More than 230 competitors attended the Macau Open Taekwondo Championship 2016 at the Centro Desportivo Olimpico – Estadio in Macau last weekend.
Organised by the Associacao De Taekwondo De Macau, the competition featured participants from Hong Kong, the mainland, Macau and many other countries who were separated into six age categories. They were then divided within these groups on whether or not they had a black belt, which is the highest rank. This means that no student with a colour belt (like yellow) has to go up against a black belt, though it’s still possible, for example, for a yellow belt with a green tag to fight against a red belt with a black tag. Finally, they were sorted according to their weight classes to minimise any physical advantages one student might have against another.
A taekwondo player can win points by landing a blow on their opponent’s trunk or head. One competitor, despite acknowledging her disadvantages against a higher-ranked rival, showed no signs of backing down during their fight and gave it her all. Although she lost by more than 20 marks, her persistence was amazing to witness.
Green belt student Loki Lai was happy to share her thoughts and feelings when I approached her during the tournament. I wanted to know how people with lower colour belts felt about facing higher-ranked opponents. Was she nervous? Excited?
“I actually didn’t face opponents that ranked much higher than me this time,” Lai said. “But not facing opponents with a higher-ranked belt than me doesn’t automatically mean I am guaranteed a win – you see lower-ranked students winning against their higher-ranked opponents all the time,” Lai said. She speaks from experience – Lai has taken part in many competitions like this one.
“I know all my opponents this time as well, as they’re all friends of mine that came here with me,” she added.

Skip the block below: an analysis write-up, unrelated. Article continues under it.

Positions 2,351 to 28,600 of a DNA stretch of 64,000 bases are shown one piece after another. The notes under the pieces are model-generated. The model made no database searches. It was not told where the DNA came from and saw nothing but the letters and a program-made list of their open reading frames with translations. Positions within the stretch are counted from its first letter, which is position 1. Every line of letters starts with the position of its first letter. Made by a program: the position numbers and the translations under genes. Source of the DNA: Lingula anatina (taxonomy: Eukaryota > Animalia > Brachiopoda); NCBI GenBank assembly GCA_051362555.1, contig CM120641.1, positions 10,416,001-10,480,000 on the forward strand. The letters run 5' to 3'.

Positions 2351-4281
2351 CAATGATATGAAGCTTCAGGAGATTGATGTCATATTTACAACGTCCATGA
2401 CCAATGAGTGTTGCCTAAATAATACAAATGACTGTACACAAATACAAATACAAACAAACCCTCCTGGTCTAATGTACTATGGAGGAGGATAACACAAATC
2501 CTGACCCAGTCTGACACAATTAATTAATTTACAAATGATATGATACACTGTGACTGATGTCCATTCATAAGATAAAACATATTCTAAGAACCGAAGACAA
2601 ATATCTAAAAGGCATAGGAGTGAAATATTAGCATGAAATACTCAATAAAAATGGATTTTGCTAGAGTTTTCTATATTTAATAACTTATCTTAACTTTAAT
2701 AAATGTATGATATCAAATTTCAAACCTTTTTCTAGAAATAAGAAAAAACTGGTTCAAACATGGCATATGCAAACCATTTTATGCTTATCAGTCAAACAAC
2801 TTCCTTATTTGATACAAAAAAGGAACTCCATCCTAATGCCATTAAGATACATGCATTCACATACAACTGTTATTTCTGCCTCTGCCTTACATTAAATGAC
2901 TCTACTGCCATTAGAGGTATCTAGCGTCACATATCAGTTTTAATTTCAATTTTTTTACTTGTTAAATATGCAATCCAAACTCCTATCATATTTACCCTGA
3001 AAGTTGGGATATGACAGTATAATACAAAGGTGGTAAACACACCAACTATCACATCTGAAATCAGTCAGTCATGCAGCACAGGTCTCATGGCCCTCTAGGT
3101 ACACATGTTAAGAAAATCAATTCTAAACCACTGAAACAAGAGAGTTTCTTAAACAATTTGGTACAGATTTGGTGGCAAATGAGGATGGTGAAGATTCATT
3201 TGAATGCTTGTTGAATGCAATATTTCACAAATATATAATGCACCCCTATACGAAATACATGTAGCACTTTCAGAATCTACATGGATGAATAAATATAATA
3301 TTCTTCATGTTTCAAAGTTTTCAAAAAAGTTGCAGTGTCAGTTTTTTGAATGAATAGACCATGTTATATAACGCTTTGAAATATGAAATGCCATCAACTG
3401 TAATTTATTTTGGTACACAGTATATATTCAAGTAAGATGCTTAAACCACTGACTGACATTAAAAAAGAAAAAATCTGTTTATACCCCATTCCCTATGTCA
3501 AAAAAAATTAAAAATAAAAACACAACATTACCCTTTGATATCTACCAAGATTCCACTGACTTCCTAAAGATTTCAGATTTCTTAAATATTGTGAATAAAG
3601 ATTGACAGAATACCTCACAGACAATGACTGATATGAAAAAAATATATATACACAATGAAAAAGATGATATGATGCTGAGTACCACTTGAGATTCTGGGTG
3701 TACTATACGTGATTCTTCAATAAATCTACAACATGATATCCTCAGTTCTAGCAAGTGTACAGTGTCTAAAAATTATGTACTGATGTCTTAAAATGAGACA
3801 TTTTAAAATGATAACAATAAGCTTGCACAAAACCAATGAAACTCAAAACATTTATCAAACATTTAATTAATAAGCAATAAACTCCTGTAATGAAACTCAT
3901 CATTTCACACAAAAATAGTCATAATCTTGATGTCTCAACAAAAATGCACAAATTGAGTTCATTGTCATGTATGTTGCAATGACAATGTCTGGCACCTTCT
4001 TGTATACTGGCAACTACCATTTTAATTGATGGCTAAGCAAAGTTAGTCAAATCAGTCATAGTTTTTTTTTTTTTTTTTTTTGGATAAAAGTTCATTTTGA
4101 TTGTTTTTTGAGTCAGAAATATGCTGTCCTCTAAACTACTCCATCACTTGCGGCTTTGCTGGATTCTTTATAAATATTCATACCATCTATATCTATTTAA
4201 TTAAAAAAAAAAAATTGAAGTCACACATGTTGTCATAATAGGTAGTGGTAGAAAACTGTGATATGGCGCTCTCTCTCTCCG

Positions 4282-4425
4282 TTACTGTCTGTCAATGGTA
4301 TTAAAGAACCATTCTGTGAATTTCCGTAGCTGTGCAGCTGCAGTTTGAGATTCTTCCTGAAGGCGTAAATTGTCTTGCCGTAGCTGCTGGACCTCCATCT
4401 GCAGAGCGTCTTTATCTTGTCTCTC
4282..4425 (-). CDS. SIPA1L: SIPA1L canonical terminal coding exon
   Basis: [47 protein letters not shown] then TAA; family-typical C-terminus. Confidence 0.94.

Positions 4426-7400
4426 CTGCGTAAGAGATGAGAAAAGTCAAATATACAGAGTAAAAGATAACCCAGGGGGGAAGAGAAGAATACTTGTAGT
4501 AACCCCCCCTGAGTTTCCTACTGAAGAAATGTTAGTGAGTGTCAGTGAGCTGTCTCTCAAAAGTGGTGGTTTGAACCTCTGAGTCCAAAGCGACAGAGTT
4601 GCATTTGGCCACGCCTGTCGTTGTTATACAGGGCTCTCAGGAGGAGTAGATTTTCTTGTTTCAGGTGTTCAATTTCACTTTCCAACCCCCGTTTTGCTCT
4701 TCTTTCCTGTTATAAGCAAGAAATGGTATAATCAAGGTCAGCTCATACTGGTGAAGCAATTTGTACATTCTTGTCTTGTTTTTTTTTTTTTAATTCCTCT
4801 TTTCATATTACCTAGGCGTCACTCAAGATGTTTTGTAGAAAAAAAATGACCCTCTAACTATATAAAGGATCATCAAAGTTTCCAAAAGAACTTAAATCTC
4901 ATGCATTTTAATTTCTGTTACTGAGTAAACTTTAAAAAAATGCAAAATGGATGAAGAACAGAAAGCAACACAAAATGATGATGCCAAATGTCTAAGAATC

This mindset, of not being fazed by the rank or belt colour of your rival, seemed to be a common one among the competitors.
Oliver Pun, who won the under-74kg class in the men’s division, attends taekwondo training four to eight hours a week despite his busy work life. He said the key to success in taekwondo was about “being persistent and not being shaken by the obstacles”.
Taekwondo isn’t just mindless fighting, or a display of impressive physical moves – though they are, admittedly, very impressive. It adds discipline to our lives, and can help us deal with difficult situations.
People often become easily discouraged by how hard it is to work your way up the coloured belts – and they’d be right. But karate instructor Yip Ka-tai said the “hardest part in learning taekwondo is in the beginning”. Yip said that many students quit in the first year because they felt like the sport doesn’t offer them anything. However, he added, as long as a student sticks with taekwondo, they will realise how rewarding it truly is.
And judging by the large numbers of competitors that turn up for taekwondo tournaments in Macau, not many people would disagree with Yip’s view of the sport.